We all need advice at certain times in our life even if that advice is telling us things that we already know, or should know. One would hope that any restrictions put on the players are in their best interests and made in consultation with various coaches, physios, medical personnel, psychologists and scientists. (Hang on, might want to scrub that last one.)
I thought about ‘blaming’ their youth. But of the suspended players, all bar Liam Gill are over the age of 25. I’m sorry, I expect a little more from 25+ year olds. Am I expecting too much?
Can we blame the environment in which they ‘work’? Has professionalism raised the expectations and requirements? You can bet your bottom dollar it has. The stakes have increased. Sport is now a business. There is money involved. So, yes the players should be expected to behave in a manner that means they will be able to perform to their highest possible level when required.
With this business has also come scrutiny. For better or worse these players are watched nearly every single minute of every single day. Why do we expect more from this bunch of boys because they are representing our country then we would any other group of twenty something’s?
During my scratching around I found an article written by Clyde Rathbone earlier this year. In it he has this to say:
“My arrival in Australia 11 years ago coincided with rugby’s transition from Gen X to Gen Y. A decade ago most of my teammates began as amateurs and transitioned into the professional era. Observing the antics of both generations has revealed that the difference between a scandalous headline and blurry memory can be as simple as a camera phone or social media.”
And this is a point. The rest of us have a couple of tough days at the office, we go to the pub, have a blow out, and, as long as we do not break the law, generally don’t end up as a news headline. So why should we expect these guys to be any different?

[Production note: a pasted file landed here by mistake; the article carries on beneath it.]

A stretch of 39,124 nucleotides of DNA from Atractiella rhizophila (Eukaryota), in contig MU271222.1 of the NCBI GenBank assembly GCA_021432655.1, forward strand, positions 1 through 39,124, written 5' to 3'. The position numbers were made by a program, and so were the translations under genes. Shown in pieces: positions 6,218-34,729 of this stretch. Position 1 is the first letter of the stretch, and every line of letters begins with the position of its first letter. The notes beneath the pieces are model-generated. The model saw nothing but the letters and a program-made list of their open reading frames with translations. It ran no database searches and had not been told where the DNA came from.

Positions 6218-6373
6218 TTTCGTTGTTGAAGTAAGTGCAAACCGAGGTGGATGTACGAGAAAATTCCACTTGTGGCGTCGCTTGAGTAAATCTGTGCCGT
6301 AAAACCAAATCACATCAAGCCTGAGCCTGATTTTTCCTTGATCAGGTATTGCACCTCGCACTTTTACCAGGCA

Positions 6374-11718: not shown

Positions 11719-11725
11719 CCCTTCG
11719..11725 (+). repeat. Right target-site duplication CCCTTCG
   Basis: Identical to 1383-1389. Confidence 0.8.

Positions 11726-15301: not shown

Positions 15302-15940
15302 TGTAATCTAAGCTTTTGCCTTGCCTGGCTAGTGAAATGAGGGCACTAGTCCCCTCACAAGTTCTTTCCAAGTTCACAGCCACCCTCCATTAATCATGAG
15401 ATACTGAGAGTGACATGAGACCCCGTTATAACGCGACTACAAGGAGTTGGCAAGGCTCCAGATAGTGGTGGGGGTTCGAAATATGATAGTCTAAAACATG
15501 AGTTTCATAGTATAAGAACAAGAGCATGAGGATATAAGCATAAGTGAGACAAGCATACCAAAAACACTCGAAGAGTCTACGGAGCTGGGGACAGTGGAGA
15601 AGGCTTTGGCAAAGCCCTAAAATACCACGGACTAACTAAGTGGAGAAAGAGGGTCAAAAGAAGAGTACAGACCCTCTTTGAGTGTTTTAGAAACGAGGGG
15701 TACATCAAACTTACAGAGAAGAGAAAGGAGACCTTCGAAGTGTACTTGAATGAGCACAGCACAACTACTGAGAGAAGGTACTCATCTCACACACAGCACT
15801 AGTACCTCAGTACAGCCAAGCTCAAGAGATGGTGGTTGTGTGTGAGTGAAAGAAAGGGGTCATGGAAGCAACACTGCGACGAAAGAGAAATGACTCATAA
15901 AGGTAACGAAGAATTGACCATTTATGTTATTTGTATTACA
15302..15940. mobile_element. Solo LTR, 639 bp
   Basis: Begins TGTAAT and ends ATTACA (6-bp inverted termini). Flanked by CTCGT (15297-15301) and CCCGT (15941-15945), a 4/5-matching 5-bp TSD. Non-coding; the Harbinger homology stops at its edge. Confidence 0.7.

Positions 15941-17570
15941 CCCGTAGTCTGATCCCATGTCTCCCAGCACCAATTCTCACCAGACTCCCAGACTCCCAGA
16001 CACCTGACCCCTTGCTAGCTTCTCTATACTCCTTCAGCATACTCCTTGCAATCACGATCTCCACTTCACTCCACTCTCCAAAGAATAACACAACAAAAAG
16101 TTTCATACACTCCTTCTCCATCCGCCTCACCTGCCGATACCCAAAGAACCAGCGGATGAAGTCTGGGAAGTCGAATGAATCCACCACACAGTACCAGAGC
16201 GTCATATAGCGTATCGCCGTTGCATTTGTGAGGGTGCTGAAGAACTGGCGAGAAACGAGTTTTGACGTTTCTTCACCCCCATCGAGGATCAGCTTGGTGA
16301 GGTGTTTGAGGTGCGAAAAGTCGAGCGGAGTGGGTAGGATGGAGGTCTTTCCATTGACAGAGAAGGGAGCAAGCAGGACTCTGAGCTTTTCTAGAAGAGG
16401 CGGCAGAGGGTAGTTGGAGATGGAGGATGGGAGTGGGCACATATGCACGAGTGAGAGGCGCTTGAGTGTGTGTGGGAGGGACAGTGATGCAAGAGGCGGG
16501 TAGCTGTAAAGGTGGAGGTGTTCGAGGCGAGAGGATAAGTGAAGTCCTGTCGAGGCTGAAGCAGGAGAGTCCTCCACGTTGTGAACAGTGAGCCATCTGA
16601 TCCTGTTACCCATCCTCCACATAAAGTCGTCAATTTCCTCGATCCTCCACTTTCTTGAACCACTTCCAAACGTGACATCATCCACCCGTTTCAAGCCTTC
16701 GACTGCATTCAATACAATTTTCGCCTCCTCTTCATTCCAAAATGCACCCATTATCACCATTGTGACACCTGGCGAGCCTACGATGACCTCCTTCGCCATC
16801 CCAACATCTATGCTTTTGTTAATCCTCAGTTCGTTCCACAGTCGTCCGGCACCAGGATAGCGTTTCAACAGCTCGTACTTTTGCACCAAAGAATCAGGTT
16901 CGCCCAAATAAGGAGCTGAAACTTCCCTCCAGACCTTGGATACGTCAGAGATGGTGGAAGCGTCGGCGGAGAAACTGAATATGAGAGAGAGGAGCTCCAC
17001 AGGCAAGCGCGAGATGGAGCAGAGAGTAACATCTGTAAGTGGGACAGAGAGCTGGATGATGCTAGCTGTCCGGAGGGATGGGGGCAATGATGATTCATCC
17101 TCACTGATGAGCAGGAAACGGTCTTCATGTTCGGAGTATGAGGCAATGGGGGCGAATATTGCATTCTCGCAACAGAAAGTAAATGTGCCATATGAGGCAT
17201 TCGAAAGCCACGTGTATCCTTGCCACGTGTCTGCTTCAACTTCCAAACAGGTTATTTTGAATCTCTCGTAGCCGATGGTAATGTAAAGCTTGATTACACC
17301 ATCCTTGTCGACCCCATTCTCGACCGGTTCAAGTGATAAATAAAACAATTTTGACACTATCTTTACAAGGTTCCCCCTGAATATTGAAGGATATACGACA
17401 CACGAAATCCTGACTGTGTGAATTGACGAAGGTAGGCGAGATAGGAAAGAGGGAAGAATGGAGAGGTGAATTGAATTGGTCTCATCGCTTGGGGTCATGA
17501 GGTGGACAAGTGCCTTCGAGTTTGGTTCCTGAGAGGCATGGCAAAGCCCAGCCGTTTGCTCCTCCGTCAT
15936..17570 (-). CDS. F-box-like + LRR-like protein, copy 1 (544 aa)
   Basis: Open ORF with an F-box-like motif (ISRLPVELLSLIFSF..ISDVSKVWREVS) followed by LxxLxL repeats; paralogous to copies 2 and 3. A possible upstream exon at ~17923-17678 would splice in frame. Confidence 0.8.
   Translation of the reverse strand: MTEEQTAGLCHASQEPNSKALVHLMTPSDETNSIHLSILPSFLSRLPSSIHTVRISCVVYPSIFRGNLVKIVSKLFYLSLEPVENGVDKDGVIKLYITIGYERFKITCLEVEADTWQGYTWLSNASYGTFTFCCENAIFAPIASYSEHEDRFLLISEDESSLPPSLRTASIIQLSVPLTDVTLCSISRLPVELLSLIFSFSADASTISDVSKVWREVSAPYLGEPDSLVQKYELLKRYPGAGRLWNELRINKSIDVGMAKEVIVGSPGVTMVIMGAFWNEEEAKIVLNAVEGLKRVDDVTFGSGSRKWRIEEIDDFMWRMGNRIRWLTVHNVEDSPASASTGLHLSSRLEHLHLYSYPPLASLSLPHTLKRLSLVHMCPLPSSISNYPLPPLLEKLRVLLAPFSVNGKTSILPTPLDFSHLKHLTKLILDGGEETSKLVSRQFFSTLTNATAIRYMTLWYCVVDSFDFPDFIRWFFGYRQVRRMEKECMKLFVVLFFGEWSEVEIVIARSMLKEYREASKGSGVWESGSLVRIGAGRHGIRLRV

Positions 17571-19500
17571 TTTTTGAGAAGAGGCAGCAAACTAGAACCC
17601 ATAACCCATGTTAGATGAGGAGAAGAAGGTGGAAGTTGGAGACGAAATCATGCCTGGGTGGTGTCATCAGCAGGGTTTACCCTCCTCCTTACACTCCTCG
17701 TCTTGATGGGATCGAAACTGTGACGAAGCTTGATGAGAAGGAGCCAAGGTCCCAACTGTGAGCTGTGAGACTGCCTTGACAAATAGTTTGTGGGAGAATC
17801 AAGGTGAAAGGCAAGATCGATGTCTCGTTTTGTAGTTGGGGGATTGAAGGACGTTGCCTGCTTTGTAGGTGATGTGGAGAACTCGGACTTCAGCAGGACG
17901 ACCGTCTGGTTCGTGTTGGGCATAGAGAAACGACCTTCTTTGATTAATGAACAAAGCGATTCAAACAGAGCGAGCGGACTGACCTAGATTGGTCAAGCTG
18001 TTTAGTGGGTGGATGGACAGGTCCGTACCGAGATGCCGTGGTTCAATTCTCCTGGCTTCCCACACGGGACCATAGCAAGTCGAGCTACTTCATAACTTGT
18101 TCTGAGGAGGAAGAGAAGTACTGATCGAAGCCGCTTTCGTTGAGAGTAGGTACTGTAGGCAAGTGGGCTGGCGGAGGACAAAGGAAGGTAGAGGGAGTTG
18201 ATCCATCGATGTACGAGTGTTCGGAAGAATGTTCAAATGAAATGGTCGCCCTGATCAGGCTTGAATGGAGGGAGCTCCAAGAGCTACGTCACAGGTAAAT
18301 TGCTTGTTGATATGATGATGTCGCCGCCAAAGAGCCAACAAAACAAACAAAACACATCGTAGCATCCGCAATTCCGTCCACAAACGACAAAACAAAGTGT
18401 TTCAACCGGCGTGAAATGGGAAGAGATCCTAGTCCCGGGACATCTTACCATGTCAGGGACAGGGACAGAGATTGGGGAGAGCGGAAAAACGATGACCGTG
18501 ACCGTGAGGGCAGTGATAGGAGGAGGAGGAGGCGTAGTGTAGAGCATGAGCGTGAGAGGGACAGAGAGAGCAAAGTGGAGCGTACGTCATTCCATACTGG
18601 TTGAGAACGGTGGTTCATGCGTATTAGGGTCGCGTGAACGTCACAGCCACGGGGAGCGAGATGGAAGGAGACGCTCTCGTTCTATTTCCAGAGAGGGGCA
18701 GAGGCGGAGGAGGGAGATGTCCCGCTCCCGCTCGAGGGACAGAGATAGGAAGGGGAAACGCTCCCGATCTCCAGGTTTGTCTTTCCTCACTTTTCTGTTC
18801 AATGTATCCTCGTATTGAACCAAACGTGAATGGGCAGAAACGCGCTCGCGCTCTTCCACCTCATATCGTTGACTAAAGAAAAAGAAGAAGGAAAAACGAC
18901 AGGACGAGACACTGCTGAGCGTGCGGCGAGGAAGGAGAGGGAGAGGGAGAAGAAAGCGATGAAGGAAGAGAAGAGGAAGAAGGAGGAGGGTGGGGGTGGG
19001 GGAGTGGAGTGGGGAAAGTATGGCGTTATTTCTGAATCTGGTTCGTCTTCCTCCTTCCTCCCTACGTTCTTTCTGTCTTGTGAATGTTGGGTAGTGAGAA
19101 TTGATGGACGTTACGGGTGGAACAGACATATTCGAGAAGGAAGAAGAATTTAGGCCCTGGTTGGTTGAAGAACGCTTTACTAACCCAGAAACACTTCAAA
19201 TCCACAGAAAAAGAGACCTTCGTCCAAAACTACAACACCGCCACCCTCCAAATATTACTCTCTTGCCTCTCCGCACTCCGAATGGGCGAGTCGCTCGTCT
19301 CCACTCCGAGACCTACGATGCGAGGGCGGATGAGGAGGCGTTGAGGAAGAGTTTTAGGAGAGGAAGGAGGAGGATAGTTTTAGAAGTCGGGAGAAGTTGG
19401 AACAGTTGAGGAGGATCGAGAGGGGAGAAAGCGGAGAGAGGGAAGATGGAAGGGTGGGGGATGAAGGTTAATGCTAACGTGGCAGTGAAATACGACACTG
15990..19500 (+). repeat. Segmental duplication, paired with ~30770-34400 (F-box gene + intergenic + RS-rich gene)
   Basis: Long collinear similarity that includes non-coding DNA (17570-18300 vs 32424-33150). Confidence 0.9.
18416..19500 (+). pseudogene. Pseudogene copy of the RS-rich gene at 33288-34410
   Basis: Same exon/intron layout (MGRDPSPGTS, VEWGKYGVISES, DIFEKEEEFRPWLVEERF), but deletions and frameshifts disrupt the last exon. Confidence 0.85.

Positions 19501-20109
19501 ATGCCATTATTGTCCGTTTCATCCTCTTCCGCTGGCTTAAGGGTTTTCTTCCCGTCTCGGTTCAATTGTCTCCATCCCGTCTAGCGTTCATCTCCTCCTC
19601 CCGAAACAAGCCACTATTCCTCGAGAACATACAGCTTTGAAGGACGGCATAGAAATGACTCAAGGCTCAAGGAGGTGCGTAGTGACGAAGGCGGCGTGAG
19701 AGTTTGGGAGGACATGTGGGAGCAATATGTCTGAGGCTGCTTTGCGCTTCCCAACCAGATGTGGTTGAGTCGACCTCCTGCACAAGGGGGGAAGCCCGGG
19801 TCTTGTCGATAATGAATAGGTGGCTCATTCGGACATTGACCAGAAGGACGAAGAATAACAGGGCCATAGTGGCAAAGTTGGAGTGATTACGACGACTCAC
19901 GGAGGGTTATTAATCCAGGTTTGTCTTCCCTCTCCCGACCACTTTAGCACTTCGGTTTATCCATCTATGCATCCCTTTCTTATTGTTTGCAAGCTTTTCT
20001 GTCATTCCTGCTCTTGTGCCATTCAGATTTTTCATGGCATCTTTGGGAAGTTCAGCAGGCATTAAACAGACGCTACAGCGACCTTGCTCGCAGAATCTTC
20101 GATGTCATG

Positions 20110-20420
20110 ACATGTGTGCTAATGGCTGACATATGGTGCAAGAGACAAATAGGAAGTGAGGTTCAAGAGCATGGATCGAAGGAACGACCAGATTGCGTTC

I would maintain, however, that the stakes are higher now than they were ten years ago. So the ‘stakeholders’, to use business speak, should be forgiven for having high standards to go with said stakes.
3. Are the penalties appropriate?
On the face of it, not knowing the full story, yes. We have to accept that all we have to go on is the ARU press release and the media reports, so we are not in possession of the full facts. However, from what we can glean from the various reports the fifteen players broke the rules. And if they didn’t break the rules then they certainly didn’t up-hold the standards that were expected of them.
I started off saying “Fark yeah! And give them a good flogging while you are at it!” But am I mellowing? Or am I just scared that we are going to lose to Scotland again?
We have all watched the turmoil that has been the 3 Amigos over past years. We now have the situation that one is having an ‘enforced’ break, another has been banished from Australian rugby and the third seems to have turned a corner. I wonder to myself if the leash had been pulled on these three earlier, i.e. 3 years ago, would we be in the situation we are in now? I don’t think so.
I think that Ewen McKenzie has done exactly the right thing. All players are aware of the rules, and because of the punishment this group has received, you would hope that they will all think again before breaking them.
Should we have to set down rules and punishments for a group of mature blokes who are representing our country in the greatest game there is?
The fact that we have a criminal code and a bunch of other laws in general society would suggest that we humans are not very good at doing the right thing without some sort of guidance, restraint and encouragement. And the Wallabies are, after all, human.